Human Rights Watch today welcomed the Chinese government's announcement that it is preparing to sign an important United Nations human rights treaty, but urged the Clinton Administration not to abandon its significant leverage for human rights improvements just when Beijing is beginning to respond to the pressure.

Hoping for more last minute concessions from Beijing, the Administration has delayed making a decision on whether to sponsor a resolution on China at the United Nations Human Rights Commission, which meets from March 16-April 24 in Geneva. The White House also confirmed this week that President Clinton expects to visit China as early as June this year.

"The President's decision to visit China soon has set the stage for a major retreat on human rights," said Mike Jendrzejczyk, Washington director of the Asia division of Human Rights Watch. "If the president visits China without clear human rights preconditions, and also drops any resolution at the U.N. Human Rights Commission in Geneva, what leverage will the U.S. use to press for concrete progress?"

In a demarche to the European Union last year, the U.S. outlined its key benchmarks for going ahead or dropping a U.N. resolution in Geneva. It has repeatedly communicated the terms to the Chinese government. They include releasing political prisoners on medical grounds, signing and submitting for ratification two U.N. human rights conventions, and resuming discussions with the International Committee of the Red Cross on prison visits. The Chinese government now appears to be on the verge on meeting these very minimal conditions.

But the pattern of flagrant, widespread human rights violations in China and Tibet remains basically unchanged, Human Rights Watch said, and China's rights record deserves condemnation by the U.N. "A resolution should take note of the promises and limited steps China has taken in response to international pressure. But it would be a huge mistake to remove that pressure just as Beijing is beginning to respond," Jendrzejczyk said.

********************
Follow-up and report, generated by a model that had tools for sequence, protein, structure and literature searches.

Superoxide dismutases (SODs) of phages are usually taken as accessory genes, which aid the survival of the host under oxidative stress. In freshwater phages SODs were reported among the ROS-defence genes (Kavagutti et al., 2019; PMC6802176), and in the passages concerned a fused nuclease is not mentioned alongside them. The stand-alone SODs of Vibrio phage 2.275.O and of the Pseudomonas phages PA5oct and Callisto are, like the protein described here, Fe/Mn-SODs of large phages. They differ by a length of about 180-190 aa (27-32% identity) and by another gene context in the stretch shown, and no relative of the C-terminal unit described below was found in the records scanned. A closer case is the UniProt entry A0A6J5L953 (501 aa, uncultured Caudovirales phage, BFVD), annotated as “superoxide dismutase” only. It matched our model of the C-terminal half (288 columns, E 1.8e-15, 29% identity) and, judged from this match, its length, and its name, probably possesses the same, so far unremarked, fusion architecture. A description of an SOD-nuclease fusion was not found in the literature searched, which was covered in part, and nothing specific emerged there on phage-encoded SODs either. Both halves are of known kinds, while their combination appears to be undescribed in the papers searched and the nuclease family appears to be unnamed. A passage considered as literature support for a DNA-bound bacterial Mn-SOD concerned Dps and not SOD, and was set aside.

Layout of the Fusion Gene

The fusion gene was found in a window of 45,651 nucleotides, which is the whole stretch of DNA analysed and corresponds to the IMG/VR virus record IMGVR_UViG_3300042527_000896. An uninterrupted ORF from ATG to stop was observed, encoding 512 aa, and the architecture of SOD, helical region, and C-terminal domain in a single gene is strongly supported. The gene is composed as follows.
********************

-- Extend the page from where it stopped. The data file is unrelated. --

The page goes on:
China's foreign minister announced on March 12 that it would sign the International Covenant on Civil and Political Rights (ICCPR), but did not specify when the signing would take place, or when China would ratify the treaty. In addition, the Chinese government may take exception to certain provisions of the treaty. In recent weeks it has quietly approached European governments to assess what reservations they attached when adhering to the treaty. Chinese legal authorities, for example, have expressed reluctance to endorse the treaty's right to freedom of expression (Article 19 of the ICCPR).

Last October, President Jiang Zemin signed another key treaty, the U.N.Covenant on Economic, Social and Cultural Rights, but the National People's Congress (NPC), now in session in Beijing until March 19, has taken no action thus far to ratify it. Neither treaty is fully binding on China until ratification takes place.

Human Rights Watch would welcome the release of Wang Dan, a student activist imprisoned in October 1996 for eleven years on charges of subverting the government, or the release of other political and religious dissidents. But such releases should not take place on the condition they go into exile. And the Clinton Administration should avoid playing China's game of using token prisoner releases as bargaining chips in exchange for Presidential trips or U.N. resolutions. The U.S. should also not attempt to use the ICRC's talks with Chinese authorities on prison access to justify its flawed policy on human rights.

"Clinton seems determined to make history by being the first U.S. president to walk in Tiananmen Square since the 1989 massacre, regardless of China's dismal human rights record," said Jendrzejczyk. A presidential visit should only take place in the context of meaningful steps by Beijing that go beyond dialogue or promises. Those steps should include releasing unconditionally large numbers of prisoners, revising its draconian security laws and abolishing arbitrary administrative detention, protecting freedom of association of workers, easing religious repression, and allowing regular access to Tibet for human rights monitors.